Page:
OWL, The OWL learning system may be used in conjunction with written homework. The value of adequate progress in OWL in addition to the written homework will constitute 15% of the overall grade. It must be understood that simply attempting homework is not enough. Homework must be completed accurately and on time for full credit.

    AP practice exam- All students are required to come in for one Saturday morning at 8 am, 2 weeks prior to the AP Chemistry exam. The practice exam will constitute one test grade and will be graded as follows:

     o  Proper completion of the exam will constitute a “C”

     o  A score 50%  or higher on the multiple choice portion a “B”

     o  A score of 50% or higher on the written portion of the exam an “A”.

     ·        Evaluation: Test 40%

     ·        Homework 15%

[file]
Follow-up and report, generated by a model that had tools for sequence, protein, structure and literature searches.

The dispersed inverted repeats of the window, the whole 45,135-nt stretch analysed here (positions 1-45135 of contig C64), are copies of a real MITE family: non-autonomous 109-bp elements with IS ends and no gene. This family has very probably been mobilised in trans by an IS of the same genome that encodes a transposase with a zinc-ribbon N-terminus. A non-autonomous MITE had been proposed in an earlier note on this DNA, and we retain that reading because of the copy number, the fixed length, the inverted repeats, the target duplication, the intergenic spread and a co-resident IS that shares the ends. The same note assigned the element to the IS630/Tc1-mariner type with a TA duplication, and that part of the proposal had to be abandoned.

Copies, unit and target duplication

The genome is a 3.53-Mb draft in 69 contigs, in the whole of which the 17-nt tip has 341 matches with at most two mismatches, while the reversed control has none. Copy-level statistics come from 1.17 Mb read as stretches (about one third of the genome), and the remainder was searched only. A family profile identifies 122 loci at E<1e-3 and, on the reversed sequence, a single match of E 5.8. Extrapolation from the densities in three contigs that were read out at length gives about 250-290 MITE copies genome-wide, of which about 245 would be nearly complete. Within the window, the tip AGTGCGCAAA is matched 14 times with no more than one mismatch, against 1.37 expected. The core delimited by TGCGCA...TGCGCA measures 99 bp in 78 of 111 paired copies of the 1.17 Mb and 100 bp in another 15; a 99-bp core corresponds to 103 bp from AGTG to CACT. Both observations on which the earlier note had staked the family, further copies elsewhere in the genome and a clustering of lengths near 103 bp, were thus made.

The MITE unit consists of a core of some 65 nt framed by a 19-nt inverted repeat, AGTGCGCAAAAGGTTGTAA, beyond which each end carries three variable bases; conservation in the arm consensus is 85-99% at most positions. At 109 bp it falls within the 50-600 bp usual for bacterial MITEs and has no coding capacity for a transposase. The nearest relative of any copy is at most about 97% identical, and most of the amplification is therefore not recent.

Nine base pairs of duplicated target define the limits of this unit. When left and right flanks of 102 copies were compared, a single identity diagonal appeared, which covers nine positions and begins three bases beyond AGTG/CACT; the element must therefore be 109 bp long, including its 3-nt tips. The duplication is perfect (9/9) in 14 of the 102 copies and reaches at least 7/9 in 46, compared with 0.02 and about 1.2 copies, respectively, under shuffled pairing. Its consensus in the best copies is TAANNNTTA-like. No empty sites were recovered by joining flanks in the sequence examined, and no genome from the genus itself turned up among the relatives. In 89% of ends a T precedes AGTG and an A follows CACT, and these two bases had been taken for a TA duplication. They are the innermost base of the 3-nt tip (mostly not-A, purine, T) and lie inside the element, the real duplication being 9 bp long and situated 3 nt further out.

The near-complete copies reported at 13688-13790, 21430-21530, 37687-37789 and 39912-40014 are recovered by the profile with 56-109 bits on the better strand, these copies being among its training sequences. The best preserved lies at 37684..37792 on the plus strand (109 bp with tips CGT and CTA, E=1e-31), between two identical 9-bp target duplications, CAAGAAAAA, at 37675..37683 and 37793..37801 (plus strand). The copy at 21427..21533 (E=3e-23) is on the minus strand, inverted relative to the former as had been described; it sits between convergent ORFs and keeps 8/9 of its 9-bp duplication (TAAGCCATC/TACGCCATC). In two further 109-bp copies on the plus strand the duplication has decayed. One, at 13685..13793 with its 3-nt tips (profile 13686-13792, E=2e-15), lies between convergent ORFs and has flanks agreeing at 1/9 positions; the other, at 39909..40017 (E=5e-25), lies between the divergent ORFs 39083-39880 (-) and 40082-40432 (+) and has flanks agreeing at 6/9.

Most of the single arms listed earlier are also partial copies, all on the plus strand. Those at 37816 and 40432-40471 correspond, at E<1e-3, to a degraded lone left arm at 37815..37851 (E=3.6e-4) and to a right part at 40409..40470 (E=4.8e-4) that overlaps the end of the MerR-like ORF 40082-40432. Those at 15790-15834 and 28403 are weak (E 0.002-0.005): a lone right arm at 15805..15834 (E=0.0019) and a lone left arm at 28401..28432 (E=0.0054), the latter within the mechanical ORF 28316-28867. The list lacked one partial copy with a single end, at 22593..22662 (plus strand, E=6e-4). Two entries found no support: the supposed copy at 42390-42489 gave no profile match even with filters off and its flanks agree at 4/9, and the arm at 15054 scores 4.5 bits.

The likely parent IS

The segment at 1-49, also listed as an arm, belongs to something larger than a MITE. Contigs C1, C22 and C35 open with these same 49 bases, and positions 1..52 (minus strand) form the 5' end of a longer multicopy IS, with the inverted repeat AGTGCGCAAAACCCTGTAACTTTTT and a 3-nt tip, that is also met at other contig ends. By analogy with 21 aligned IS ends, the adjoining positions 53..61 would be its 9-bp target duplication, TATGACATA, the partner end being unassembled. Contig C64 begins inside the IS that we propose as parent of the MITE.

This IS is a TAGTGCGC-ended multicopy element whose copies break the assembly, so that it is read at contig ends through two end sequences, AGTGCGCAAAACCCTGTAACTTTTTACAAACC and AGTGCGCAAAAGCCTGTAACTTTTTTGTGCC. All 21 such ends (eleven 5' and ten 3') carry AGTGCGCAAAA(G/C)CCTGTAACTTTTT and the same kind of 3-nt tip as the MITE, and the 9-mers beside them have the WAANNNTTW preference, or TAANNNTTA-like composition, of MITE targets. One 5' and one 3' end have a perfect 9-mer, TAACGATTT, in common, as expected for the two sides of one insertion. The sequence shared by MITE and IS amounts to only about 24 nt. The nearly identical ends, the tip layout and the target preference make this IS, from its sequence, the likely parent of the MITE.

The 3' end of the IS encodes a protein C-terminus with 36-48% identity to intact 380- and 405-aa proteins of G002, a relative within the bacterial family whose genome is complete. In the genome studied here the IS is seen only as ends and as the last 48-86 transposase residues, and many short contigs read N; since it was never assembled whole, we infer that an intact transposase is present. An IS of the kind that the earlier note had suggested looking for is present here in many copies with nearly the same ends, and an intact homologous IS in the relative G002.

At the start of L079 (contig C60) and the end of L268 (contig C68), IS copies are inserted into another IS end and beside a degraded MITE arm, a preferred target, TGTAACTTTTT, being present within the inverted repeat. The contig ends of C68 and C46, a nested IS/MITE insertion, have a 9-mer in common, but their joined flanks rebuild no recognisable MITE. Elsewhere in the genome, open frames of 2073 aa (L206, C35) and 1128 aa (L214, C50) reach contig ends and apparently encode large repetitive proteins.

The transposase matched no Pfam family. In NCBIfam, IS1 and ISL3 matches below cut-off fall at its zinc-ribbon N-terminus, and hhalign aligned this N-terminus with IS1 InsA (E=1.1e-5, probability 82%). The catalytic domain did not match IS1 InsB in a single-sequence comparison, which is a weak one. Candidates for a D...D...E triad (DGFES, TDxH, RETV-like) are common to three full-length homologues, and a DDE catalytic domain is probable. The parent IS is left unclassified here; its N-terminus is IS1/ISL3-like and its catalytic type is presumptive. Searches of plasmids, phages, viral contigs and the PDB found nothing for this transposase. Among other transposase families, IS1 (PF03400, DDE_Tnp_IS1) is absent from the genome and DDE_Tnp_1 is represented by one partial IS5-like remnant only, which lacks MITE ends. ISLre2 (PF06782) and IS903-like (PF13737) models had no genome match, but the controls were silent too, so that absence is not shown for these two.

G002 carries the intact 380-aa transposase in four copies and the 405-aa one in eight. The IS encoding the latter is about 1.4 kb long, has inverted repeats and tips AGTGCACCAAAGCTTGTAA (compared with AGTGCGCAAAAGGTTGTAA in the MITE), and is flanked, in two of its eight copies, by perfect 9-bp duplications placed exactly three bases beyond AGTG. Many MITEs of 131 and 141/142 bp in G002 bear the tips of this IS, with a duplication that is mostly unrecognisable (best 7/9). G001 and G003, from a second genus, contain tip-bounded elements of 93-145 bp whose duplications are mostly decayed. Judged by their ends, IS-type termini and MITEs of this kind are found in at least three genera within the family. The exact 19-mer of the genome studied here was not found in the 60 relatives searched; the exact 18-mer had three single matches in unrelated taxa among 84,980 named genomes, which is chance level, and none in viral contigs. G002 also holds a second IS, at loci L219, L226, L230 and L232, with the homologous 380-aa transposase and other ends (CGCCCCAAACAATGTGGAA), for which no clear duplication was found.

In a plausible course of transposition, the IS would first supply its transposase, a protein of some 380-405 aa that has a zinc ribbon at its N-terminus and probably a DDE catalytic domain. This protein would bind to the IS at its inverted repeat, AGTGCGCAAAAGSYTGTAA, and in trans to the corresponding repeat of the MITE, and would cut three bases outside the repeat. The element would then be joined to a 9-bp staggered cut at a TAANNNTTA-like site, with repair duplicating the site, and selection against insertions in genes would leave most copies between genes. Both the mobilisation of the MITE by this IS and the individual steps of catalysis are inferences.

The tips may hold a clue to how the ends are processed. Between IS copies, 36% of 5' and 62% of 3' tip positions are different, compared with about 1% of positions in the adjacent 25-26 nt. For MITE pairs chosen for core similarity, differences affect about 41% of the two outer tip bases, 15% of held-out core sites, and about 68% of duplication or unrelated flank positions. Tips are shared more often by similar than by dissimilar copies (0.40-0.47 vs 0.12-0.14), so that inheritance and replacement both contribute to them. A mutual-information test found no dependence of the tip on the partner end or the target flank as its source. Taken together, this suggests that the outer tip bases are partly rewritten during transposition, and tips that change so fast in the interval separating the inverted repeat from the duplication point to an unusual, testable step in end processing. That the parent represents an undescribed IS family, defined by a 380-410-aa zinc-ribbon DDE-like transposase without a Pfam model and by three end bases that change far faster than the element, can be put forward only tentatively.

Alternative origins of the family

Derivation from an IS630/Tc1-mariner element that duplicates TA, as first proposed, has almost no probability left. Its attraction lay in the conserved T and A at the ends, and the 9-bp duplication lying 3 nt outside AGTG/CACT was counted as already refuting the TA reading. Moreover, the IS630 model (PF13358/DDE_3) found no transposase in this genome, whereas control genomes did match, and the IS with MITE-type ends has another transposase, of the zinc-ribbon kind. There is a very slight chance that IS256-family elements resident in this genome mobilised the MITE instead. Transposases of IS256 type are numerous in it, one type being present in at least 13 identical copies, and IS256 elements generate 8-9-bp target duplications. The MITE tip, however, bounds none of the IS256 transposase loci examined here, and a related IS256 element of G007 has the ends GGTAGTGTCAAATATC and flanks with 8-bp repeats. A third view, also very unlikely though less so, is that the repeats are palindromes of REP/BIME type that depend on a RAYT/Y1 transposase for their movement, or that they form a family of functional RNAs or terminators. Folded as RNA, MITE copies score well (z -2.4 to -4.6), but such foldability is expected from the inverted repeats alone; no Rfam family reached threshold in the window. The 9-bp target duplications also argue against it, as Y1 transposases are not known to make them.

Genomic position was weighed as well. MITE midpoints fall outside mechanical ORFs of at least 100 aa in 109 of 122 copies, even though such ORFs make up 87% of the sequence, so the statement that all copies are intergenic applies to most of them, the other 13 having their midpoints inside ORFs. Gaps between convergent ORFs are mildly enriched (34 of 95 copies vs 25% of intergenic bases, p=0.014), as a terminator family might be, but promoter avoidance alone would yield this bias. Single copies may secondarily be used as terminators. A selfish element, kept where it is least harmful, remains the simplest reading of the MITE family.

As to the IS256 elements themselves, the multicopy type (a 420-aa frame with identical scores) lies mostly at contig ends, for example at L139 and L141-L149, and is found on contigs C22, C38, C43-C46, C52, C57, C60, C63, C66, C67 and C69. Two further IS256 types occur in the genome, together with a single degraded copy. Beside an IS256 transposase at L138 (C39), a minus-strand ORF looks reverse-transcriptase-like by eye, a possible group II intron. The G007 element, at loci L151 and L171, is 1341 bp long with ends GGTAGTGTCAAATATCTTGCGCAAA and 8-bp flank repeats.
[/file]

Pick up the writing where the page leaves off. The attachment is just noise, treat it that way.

·        Lab 25%

     ·        Final exam 20%

     Course Outline [CR 2] 

    Chapter in Zumdahl Chemistry

    AP Chemistry Topic Covered


    1. Chemical Foundations


    1. Atoms, Molecules, and Ion

    Atomic Theory & Atomic Structure (BI 1 &


    1. Stoichiometry

    Stoichiometry (BI 3)

    1. Solution Stoichiometry & Chemical Analysis

    Reaction types & Stoichiometry (BI 3)

    1. Gases

    Gases (BI 1 & 2)

    1. Thermochemistry

    Thermodynamics (BI 5)

    1. Atomic Structure and Periodicity

    Atomic Theory & Atomic Structure (BI 1 & 2)

    1. Bonding – General Concepts

    Chemical Bonding (BI 1 & 2)


    1. Covalent Bonding: Orbitals

    Chemical Bonding (BI 1 & 2)


    1. Liquids and Solids

    Liquids and Solids (BI 1 & 2)


    1. Properties of Solutions

    Solutions (BI 1 & 2)


    1. Chemical Kinetics

    Kinetics (BI 4)

    1. Chemical Equilibrium

    Equilibrium (BI 6)


    1. Acids and Bases

    Equilibrium (BI 6)


    1. Applications of Aqueous Equilibria

    Equilibrium (BI 6)

    1. Spontaneity, Entropy, and Free Energy

    Thermodynamics (BI 5)

    1. Electrochemistry

    Reaction Types (BI 5)

    1. The Nucleus-A Chemistry View

    Nuclear Chemistry

    1. The Representative Elements: Group 1A through 4A